Elia Kazan


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Elia Kazan
Elias Kazantzoglou
Birthday
BirthplaceConstantinople, Ottoman Empire (present-day Istanbul, Turkey)
Died
Occupation
Director, actor, producer, screenwriter and novelist

Kazan, Elia

(ĭlī`ə, ēl`yə kəzăn`, –zän`), 1909–2003, American stage and film director, producer, writer, actor, b. Turkey, as Elia Kazanjoglous. Immigrating with his Greek family to the United States in 1913, Kazan studied at Williams College and the Yale Drama School before beginning his acting career with the New York Group Theatre in the 1930s. He became (1947) a founding member and director of The Actors StudioActors Studio, The,
organization founded 1947 in New York City by the directors Cheryl Crawford, Elia Kazan, and Robert Lewis to train professional actors. Long directed (1948–82) by Lee Strasberg and famous for its advocacy of the Stanislavsky "method" technique, the
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. In 1952, appearing before the House Committee on Un-American Activities, he admitted to membership in the Communist party in the 1930s and named eight other Hollywood figures who were also members, an act that was controversial throughout the rest of his life.

Kazan's outstanding stage productions included The Skin of Our Teeth (1942), All My Sons (1947), A Streetcar Named Desire (1947; film version, 1951), Death of a Salesman (1949), and Tea and Sympathy (1953). He was the most important director to bring the realistic, emotionally charged approach and "method" acting style of the mid-20th-century New York theater into American moviemaking. Kazan won best-director Oscars for Gentlemen's Agreement (1947) and On the Waterfront (1954) and an honorary life's achievement Academy Award in 1999. Among his other major films are A Tree Grows in Brooklyn (1945), Viva Zapata (1952), East of Eden (1955), A Face in the Crowd (1957), and Splendor in the Grass (1961). He also directed the films America, America (1963) and The Arrangement (1969), adapted from his own 1962 and 1967 novels, parts of a fictional series that also includes The Anatolian (1982) and Beyond the Aegean (1994).

Bibliography

See his autobiography (1988); Kazan on Directing (2009); A. J. and M. J. Devlin, ed., The Selected Letters of Elia Kazan (2014); M. Ciment, Kazan on Kazan (1974), J. Young, ed., Kazan: The Master Director Discusses His Films (1999); biography by R. Schickel (2005); M. Scorsese, dir., A Letter to Elia (documentary film, 2010).

Kazan, Elia

 

Born Sept. 7, 1909, in Constantinople. American film director, Greek by nationality.

Kazan graduated from the Yale University drama school and from 1932 to 1939 was an actor and director in the progressive Group Theater in New York. He made his film debut as an actor in 1940 and then as a director in 1945 with the film A Tree Grows in Brooklyn. In this film, as well as in Boomerang, Gentleman’s Agreement (both 1947), and Pinky (1949), Kazan focused on critical social problems, such as the bad conditions of workers, corruption in the American judicial system, anti-Semitism, and racism. However, he proposed compromising solutions that worked to the advantage of reactionary circles. In his films of the 1950’s, such as A Streetcar Named Desire (1951), Viva Zapata (1952), and East of Eden (1955), Kazan continued to focus on real problems, such as the disintegration of the human personality, social protest, and the ruin of the bourgeois family. Kazan saw the flaws of bourgeois society simply as a product of the biological nature of man. Kazan’s autobiographical America, America (1962) was his most famous film of the 1960’s. In 1972 he made the film The Visitors, which dealt with the moral decay, animosity, and cruelty of those who took part in America’s criminal imperialist aggression in Vietnam.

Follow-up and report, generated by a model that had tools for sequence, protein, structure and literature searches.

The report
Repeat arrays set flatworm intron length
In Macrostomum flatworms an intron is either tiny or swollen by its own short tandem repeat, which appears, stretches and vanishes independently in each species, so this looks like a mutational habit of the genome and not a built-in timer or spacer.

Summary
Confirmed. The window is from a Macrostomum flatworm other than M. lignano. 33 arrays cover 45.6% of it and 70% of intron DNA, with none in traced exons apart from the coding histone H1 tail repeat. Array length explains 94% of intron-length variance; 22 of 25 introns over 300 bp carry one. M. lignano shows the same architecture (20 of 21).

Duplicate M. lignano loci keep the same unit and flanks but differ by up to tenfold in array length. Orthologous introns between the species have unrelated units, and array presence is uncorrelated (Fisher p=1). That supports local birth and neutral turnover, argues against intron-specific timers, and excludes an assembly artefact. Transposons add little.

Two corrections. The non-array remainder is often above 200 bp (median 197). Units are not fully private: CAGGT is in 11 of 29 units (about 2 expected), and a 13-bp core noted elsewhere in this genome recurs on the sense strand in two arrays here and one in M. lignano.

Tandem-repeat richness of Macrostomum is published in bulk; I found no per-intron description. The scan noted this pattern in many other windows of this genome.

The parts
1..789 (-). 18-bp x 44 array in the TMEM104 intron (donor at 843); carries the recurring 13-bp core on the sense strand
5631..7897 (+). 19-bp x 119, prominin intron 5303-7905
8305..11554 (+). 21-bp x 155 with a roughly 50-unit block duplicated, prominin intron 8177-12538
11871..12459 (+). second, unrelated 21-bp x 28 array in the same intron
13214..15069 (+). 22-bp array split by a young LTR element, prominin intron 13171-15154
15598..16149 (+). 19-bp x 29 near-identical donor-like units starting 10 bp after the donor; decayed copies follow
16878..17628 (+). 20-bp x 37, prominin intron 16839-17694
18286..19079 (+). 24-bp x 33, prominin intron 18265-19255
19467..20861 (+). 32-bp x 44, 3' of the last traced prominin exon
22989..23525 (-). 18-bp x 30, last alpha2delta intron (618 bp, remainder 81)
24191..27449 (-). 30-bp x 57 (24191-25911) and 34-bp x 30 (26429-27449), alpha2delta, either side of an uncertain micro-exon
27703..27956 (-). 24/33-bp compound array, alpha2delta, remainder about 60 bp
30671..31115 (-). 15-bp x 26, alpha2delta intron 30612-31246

V. A. UTILOV

Kazan, Elia (b. Elia Kazanjoglous)

(1909–  ) stage and film director; born in Constantinople (now Istanbul), Turkey. His family emigrated to New York City when he was four. He studied at Williams College and Yale University, and began as an actor on Broadway and in Hollywood. With Lee Strasberg, he founded the Actors Studio in New York in 1947. He directed his first stage play in 1935 and began directing feature films in 1945 with A Tree Grows in Brooklyn, and was to divide his time between New York and Hollywood until 1964. Kazan's films often had a social or political theme—anti-Semitism and racism, megalomania, corruption—and he was known for getting actors to perform at levels they could not match before or after. He won two Academy Awards as best director for Gentleman's Agreement (1947) and On the Waterfront (1954), but his own favorite movie was Viva Zapata (1952), which he considered his first true film. In later years he turned to writing fiction.
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Lingering resentment of its director, Elia Kazan, for his Great Betrayal in 1952, may have cost the movie who knows how many votes among the Hollywood insiders chosen by AFI to cast ballots.
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Radical drama, some of it put on by the New Deal's own Federal Theater, was producing a rich crop of future film talent, from Clifford Odets, Elia Kazan, and Jules Dassin to John Garfield and (among the child actors) Sidney Lumet.
Like the five other volumes in the series published thus far, Williams offers a continuous history of the play from its first production -- in this case, the famous Elia Kazan Broadway premiere on 3 December 1947, with an emphasis on the collaborative efforts of the three individuals who made Streetcar an instant classic: the playwright; Kazan, the director; and Jo Mielziner, the lighting and set designer.
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Also in this very special issue of THR is a piece on the private correspondence of director Elia Kazan.